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Over my dead body?

A recent Blog Post dealt with aspects of research carried out by the University of Reading (UoR) but it was pointed out to me by one reader that “the majority of research conducted at the Centre for Dairy Research (CEDAR) is environmentally based”. This is a good point, and one I had failed to mention in my post. It was certainly not my intention to diminish the good work being done at CEDAR, so by way of a correction to any misconceptions given, please allow me to direct interested readers to the CEDAR website.


I will however add that it mentions “recently refurbished facilities” where “CEDAR addresses many of the key issues for the sustainability of animal production systems”. So why are UoR selling it off then, particularly as many of the facilities are only recently added? That doesn’t sound very good news for the environment!


On a different note I also received another link from a reader pointing out the acute shortage of burial sites in Reading. acute shortage of burial plots in Reading. They suggested this might be a good alternative use for land at Hall Farm. Given that Reading Council are predicting no more space for burials after 2029, and actively considering returning the council-owned Henley Road allotments to their "original intended use as cemetery land", now would seem to be a good time to reconsider alternatives to traditional burial methods. This strikes a particular chord with me as I recently went with members of my family to a Natural Burial site near Newbury.


The grave is basically a lightly wooded field, and with the addition of a few benches around for quiet contemplation the area is left as natural as possible. We were all very taken with the beauty of the location and some of our party are now actively investigating acquiring a plot here against future needs. But what if we didn't have to drive all the way out to West Berkshire for such a facility?


Back in April 2022 SOLVE Hall Farm representatives delivered our ideas for alternatives to building houses on University owned land. We proposed, among many other, more environmentally friendly and sustainable alternatives, a “green” burial site. Quite apart from Reading running out of physical space for burials, Google tells me that a typical crematorium will send between 160kg* (for a very efficient facility) and 190kg of CO2 into the atmosphere for each cremation it carries out —the equivalent of driving your car for 470 miles! A point to take on board for UoR, concerned as they are “to make the best use of our resources to ensure our sustainability”?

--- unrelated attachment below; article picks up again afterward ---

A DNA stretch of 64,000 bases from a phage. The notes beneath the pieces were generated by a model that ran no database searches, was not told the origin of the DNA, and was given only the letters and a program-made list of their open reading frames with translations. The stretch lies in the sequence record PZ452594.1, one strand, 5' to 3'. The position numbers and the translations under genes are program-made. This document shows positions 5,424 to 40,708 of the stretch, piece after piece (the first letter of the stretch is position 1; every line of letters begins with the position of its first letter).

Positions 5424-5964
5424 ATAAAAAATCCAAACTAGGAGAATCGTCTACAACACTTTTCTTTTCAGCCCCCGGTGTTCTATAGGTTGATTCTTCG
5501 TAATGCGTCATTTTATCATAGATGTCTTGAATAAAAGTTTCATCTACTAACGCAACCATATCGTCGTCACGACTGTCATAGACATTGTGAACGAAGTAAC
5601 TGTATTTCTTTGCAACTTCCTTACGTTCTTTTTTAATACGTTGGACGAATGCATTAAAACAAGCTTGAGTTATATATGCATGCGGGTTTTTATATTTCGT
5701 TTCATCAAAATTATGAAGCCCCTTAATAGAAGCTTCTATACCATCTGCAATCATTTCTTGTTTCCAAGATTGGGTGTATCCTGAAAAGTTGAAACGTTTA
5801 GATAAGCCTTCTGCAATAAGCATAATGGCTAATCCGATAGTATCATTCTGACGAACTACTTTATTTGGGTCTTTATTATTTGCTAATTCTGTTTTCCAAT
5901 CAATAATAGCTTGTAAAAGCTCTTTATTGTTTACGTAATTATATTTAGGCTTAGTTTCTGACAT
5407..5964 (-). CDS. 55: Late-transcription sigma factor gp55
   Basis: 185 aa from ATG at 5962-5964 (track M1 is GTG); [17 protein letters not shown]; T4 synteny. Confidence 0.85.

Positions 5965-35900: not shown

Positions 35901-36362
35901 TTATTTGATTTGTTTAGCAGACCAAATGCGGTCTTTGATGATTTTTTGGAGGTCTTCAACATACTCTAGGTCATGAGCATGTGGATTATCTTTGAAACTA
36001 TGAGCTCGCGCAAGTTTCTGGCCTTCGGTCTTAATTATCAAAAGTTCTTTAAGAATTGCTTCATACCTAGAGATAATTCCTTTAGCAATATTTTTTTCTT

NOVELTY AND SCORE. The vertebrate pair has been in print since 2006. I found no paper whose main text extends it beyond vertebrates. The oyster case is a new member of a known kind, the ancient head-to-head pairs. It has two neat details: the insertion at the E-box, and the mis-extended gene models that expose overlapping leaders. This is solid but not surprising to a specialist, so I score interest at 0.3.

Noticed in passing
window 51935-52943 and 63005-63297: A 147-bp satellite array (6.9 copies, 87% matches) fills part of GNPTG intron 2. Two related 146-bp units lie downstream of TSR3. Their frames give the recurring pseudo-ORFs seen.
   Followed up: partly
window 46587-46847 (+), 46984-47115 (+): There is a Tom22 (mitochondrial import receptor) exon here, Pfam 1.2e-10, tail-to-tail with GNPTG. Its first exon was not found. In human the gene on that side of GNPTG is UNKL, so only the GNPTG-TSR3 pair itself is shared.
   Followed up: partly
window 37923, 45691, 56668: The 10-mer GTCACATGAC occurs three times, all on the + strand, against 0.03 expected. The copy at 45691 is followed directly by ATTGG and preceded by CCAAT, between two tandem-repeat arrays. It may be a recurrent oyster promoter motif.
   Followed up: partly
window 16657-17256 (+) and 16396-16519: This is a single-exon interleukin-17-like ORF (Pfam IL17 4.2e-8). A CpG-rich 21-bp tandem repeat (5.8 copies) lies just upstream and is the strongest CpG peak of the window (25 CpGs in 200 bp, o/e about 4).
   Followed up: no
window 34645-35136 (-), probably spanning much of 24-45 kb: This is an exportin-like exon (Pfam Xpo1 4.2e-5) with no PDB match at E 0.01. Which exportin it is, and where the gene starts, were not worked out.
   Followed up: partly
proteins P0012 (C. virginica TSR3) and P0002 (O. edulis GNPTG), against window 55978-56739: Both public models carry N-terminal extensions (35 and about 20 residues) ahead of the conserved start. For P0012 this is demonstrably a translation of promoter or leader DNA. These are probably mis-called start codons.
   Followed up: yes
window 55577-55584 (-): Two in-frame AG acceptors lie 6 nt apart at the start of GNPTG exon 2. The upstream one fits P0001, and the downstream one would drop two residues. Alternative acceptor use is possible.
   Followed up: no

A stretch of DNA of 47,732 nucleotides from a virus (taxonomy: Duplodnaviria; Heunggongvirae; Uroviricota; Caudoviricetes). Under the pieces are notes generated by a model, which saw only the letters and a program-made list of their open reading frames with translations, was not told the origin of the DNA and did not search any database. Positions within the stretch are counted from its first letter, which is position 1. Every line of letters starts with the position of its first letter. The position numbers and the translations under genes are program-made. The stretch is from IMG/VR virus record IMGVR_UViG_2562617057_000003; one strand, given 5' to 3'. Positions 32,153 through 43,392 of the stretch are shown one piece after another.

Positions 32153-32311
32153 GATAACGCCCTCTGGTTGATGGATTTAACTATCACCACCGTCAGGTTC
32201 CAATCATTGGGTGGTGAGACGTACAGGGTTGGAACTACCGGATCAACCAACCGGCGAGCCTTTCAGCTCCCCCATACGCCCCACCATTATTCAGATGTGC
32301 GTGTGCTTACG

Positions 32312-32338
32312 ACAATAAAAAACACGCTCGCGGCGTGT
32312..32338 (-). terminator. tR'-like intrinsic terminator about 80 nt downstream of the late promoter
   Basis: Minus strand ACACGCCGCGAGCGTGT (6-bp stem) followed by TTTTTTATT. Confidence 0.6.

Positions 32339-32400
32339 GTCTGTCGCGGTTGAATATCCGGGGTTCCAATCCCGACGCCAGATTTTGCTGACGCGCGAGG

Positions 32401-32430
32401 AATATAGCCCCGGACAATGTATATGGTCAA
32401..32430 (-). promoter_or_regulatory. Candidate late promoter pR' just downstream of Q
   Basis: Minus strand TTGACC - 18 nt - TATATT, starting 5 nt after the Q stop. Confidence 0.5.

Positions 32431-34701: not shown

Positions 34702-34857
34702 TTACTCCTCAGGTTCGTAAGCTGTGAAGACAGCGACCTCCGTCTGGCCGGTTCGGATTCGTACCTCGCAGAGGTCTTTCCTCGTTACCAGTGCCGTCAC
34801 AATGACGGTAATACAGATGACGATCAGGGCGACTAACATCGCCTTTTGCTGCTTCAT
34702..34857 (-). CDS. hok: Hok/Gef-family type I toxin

There are of course other “green” alternatives to cremation or traditional burial, such as aquamation, or even human composting, but green burial seems an altogether gentler, more natural process. If the potentially catastrophic proposal to build a new Strategic Development Location on flood plains at Hall Farm is thrown out by the Independent Inspector next year, then can I once again respectfully point out that Hall Farm is also the site of the original Arborfield Church. This beautiful old ruin needs to be preserved for posterity, not surrounded by a vast housing estate.

This beautiful old church ruin, and the surrounding fields and woodland are eminently suitable for establishing a much-needed burial site for the wider Reading area that will could potentially even enhance this already much valued heritage site.


Natural burial is usually managed like a lease on the land, so after 50 years or so, when your body has been properly returned to the earth, the plot can then be used again. How sustainable is that UoR? When I remarked to a very vocal supporter of building 4,500 houses at Hall Farm, “over my dead body”, I really did mean it, quite literally!

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